Many women who are mothers or other unpaid carers have seen their responsibilities go way up during the pandemic.
It’s well known that as a group women lag behind men when it comes to a bunch of work-stuff, from average hours worked to seniority to the size of their monthly paycheck. There are all sorts of reasons for this, but most are grounded in a variety of traditional - and many would say sexist - cultural norms. One of these is that women are better suited than men to care and house work, including looking after sick relatives and raising children.
For many years, however, there’s been a steady trend away from this set up. Across the world, but particularly in Western countries, women have been making huge strides in the world of work. But it now looks like a large chunk of this progress could be undone. Many of the new policies put in place to combat coronavirus have had a disproportionate impact on women and their ability to maintain their current careers. One in four of American working women now say they are thinking about quitting or cutting their hours because of the impact the pandemic is having on their lives.
Part of the problem is that lockdowns and social distancing rules have eliminated or reduced most non-parent forms of childcare. Schools, nurseries, camps and after-school clubs have been shut or subject to repeated disruptions as everyone has to be sent home if anyone show symptoms. At the same time, restrictions on mingling or worries about infecting loved ones have prevented many parents from being able to rely on relatives or other babysitters. Many working parents have therefore been stuck trying to juggle 24/7 childcare with full-time jobs, and struggling.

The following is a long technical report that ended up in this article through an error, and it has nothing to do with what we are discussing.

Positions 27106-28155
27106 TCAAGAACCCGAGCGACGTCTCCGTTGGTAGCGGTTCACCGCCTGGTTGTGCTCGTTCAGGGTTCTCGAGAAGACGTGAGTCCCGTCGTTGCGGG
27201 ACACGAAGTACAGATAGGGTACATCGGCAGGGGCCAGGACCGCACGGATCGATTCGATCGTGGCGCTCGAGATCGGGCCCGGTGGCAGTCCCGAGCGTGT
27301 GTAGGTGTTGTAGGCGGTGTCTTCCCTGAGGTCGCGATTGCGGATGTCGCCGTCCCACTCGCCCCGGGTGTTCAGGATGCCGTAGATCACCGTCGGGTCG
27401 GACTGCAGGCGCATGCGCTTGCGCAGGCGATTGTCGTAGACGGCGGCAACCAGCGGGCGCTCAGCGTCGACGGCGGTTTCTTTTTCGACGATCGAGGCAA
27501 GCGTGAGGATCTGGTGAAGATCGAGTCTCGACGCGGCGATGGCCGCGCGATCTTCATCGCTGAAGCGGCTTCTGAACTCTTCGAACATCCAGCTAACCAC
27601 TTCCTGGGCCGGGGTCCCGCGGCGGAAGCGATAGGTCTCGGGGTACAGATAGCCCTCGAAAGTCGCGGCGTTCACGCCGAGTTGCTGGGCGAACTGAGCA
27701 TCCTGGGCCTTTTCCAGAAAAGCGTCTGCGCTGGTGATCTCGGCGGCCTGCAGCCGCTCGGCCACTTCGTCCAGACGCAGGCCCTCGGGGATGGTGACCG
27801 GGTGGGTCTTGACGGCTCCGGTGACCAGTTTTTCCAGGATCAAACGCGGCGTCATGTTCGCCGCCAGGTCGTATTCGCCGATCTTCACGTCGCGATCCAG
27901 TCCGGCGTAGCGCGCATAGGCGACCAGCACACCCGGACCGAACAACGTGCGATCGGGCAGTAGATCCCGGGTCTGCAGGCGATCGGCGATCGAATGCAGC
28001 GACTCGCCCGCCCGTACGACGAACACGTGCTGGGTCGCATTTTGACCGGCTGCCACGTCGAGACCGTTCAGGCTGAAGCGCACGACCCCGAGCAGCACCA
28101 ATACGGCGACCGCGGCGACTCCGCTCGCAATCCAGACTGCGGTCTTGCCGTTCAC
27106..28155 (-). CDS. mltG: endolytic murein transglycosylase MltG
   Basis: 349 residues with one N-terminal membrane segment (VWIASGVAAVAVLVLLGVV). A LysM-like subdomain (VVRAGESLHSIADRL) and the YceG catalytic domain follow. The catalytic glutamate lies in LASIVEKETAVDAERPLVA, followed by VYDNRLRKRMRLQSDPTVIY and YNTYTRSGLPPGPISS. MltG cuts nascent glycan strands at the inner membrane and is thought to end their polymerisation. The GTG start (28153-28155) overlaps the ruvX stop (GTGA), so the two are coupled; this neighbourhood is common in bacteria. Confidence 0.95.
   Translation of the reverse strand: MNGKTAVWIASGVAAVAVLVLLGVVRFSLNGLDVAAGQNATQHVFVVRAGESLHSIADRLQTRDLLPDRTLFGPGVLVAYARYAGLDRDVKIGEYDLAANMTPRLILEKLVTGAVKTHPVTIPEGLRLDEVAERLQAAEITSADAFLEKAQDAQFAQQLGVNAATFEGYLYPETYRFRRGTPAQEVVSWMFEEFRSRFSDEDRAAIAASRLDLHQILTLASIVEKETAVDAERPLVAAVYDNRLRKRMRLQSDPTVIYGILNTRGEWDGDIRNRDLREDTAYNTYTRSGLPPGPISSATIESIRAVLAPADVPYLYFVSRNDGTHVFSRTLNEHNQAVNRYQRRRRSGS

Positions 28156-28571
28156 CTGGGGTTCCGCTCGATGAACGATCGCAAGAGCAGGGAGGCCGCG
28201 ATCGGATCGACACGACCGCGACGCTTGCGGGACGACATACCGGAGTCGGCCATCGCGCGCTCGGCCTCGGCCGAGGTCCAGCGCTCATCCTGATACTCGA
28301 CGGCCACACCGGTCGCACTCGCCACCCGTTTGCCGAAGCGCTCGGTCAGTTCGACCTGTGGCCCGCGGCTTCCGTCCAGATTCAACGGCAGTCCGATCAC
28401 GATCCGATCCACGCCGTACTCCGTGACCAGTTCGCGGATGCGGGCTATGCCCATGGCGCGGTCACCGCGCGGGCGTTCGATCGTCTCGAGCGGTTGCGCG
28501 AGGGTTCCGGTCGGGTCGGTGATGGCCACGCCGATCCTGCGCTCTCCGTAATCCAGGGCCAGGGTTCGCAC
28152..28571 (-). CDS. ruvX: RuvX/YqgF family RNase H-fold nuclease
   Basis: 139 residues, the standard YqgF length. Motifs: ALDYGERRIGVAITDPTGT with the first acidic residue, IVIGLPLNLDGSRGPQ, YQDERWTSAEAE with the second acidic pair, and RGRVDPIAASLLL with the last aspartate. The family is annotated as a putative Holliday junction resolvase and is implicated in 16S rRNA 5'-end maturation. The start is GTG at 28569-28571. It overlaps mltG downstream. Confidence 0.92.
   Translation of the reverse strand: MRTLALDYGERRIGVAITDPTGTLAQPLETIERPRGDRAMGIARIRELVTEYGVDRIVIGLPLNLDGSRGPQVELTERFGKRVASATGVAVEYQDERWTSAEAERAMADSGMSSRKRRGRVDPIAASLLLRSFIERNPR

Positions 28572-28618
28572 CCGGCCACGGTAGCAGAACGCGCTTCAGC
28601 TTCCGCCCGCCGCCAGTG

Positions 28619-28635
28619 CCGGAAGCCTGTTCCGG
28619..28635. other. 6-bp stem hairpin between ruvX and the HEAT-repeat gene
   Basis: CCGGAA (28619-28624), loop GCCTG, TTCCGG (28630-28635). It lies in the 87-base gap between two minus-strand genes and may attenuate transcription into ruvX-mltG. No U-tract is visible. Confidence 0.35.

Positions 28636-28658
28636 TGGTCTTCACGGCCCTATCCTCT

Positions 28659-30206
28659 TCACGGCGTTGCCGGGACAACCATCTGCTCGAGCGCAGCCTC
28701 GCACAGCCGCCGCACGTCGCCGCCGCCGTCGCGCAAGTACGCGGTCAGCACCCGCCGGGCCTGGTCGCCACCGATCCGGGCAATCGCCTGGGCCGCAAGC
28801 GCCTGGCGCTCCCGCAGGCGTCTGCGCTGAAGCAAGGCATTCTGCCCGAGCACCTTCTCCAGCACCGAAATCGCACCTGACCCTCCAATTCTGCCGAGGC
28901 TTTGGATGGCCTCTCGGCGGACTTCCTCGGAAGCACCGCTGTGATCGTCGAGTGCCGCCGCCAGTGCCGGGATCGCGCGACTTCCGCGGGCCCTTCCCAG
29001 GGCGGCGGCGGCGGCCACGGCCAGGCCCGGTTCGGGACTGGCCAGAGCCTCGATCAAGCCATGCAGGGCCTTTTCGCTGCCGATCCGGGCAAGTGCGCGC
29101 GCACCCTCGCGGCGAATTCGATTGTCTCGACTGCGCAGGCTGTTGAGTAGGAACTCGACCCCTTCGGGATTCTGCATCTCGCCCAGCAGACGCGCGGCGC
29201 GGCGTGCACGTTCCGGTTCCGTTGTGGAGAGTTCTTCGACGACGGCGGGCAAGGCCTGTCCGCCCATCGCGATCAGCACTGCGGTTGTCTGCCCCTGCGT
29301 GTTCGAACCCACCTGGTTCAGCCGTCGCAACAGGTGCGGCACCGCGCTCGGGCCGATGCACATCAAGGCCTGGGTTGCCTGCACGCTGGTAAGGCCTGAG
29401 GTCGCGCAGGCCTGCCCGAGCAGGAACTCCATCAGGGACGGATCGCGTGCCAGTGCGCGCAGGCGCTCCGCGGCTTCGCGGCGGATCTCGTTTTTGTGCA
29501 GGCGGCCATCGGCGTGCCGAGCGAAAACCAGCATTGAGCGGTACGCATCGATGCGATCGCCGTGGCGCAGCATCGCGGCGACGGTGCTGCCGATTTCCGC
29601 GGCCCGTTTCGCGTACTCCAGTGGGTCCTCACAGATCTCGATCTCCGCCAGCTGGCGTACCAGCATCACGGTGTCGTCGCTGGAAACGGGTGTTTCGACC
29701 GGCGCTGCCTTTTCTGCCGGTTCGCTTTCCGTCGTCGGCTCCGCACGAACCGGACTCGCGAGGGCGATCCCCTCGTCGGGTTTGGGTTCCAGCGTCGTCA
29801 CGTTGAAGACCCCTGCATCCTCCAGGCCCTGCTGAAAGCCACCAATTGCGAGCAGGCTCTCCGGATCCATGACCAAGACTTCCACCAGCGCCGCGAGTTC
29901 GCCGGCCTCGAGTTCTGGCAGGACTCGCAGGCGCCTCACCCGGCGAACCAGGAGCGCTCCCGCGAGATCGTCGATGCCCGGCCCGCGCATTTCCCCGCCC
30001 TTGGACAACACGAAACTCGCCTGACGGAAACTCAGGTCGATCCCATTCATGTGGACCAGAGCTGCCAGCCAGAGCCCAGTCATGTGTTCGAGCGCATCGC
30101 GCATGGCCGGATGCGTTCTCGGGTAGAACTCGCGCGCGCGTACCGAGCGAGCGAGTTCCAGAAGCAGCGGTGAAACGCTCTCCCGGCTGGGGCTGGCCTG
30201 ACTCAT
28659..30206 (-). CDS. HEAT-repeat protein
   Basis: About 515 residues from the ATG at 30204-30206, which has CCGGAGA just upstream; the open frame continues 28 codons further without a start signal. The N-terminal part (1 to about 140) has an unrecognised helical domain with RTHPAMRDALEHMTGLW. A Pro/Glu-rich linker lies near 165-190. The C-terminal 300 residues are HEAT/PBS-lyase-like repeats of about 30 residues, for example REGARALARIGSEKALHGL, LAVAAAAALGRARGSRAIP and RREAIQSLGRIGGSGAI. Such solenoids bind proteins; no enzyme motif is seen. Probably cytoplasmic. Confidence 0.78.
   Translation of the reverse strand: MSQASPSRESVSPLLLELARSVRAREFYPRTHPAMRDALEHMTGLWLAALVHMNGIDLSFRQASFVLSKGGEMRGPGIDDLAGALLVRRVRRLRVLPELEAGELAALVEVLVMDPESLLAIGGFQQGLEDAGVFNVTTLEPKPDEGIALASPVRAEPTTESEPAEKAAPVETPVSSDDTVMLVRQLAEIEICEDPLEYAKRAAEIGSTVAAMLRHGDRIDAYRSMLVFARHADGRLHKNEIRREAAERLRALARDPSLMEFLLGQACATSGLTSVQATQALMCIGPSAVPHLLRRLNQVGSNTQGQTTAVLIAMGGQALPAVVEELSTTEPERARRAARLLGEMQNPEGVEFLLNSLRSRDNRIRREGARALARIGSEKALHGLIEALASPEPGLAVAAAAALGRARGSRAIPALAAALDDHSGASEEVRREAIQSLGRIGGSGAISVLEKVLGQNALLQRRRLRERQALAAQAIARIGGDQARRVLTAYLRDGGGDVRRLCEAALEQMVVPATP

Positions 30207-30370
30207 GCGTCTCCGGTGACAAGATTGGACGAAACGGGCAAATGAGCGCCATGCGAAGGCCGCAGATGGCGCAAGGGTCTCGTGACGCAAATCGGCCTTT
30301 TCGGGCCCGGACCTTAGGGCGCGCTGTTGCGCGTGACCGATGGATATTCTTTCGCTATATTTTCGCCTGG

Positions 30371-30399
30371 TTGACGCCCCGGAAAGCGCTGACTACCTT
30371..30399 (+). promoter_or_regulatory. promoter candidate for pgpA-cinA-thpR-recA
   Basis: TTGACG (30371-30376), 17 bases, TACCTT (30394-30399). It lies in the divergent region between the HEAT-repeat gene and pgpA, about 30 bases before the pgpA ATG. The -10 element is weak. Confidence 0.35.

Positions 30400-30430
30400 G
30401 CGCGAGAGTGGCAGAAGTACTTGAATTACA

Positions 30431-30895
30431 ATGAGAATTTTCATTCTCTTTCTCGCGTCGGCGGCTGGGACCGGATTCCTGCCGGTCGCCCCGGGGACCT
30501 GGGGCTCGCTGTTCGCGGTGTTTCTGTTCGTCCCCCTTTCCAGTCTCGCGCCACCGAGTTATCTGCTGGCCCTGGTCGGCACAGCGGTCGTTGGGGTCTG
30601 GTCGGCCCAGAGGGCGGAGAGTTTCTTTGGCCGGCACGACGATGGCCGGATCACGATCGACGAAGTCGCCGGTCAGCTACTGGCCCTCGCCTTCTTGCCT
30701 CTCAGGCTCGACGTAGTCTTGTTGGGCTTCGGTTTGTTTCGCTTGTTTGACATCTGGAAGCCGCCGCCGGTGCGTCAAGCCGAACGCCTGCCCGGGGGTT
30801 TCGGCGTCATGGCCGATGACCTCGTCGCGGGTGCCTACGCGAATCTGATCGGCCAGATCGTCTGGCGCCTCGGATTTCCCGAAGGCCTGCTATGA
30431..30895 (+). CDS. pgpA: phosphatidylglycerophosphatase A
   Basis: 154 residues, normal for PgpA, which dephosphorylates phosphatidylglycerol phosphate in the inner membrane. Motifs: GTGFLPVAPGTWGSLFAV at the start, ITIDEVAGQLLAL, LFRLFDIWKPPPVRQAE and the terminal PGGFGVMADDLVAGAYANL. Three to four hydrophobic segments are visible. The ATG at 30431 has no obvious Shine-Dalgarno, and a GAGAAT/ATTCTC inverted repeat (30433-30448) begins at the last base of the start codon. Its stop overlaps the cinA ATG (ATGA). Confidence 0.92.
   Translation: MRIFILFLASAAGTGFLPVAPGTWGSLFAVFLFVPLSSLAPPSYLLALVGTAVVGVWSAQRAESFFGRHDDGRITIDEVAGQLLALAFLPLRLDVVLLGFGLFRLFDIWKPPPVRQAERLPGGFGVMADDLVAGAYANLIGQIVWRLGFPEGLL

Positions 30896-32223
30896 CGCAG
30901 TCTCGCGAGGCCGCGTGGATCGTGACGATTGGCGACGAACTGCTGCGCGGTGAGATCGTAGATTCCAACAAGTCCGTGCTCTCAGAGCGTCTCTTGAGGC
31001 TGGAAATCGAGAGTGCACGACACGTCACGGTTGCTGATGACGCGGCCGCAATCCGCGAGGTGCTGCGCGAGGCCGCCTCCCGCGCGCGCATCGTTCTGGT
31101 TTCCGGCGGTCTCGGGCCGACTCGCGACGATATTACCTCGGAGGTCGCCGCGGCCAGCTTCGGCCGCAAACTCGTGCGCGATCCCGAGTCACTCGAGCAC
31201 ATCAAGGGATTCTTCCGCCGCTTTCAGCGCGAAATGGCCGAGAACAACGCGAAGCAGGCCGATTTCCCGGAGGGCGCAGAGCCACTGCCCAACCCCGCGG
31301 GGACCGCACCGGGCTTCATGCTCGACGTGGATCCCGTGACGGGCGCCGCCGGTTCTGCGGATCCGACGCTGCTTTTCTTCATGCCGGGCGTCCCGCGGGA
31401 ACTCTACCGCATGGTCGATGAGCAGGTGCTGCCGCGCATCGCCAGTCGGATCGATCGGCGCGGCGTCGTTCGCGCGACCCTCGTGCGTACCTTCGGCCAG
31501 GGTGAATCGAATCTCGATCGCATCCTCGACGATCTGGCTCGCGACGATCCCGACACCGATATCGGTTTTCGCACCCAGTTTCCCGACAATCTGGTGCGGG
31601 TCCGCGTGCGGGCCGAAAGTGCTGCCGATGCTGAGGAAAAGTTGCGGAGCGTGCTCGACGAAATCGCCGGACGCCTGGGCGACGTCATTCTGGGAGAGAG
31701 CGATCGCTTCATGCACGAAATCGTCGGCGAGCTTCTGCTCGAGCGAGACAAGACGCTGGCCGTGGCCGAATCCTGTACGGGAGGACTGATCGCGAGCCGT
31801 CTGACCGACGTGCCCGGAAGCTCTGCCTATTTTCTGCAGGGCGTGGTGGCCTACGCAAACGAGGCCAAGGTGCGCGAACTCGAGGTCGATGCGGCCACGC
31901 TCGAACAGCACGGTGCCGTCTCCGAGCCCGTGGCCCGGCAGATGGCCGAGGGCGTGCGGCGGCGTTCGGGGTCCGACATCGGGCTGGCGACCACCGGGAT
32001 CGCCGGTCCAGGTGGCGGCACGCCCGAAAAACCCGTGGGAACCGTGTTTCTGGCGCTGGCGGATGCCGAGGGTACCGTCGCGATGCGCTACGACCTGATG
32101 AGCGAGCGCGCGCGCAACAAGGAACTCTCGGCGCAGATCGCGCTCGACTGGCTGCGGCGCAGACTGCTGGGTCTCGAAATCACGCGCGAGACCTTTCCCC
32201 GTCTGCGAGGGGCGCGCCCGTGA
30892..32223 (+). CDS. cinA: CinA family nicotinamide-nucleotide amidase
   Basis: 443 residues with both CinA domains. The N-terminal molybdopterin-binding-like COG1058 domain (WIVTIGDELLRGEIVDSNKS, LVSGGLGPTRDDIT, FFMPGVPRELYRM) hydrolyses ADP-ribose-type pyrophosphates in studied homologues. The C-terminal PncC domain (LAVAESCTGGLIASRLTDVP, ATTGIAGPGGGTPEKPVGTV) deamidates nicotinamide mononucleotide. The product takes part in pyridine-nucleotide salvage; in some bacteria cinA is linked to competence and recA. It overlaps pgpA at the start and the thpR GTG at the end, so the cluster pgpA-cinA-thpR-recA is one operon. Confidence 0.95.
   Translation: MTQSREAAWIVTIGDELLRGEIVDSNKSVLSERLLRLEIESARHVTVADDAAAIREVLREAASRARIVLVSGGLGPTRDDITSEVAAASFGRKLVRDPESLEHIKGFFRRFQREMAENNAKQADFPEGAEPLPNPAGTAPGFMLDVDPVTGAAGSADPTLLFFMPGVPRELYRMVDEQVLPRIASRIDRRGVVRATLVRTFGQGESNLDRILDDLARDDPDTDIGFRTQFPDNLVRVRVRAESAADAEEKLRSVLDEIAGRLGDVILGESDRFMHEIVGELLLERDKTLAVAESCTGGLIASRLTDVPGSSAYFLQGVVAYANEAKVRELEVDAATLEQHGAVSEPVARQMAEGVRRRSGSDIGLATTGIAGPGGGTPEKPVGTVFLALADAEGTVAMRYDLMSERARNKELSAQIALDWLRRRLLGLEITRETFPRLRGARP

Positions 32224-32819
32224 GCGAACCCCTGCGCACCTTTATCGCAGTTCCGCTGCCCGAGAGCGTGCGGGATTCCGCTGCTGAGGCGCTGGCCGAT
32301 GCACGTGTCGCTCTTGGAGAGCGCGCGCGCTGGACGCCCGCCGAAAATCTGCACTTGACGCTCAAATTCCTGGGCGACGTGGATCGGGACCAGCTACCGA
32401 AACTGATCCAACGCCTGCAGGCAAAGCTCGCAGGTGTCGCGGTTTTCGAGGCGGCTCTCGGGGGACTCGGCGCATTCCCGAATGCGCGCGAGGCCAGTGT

Women would find it easier to stay in the workplace, some say, if companies gave them more flexibility and lowered expected work standards until the pandemic has passed. But workplaces aren’t always willing - or able - to help. Less work being done may mean less money being made, and considering many businesses are themselves struggling to survive the fallout from the pandemic, the costs may be too high for some to stomach.
This in turn will lead many working couples to conclude that rather than risking both their jobs, one of them should become a stay-at-home parent. Entrenched gender roles and the fact that men are more likely to be breadwinners mean that it will almost always end up being the mother who steps back from the world of work.
So how do we get what we need to live? Our livelihoods are our own personal answer to that question, whether it be job in a factory, setting up a start-up, or taking time out to travel. But the economy we live in affects the choices we have in setting up our livelihoods, and we rely on so many other workers around us to be able to do what we do… how do we get the balance right?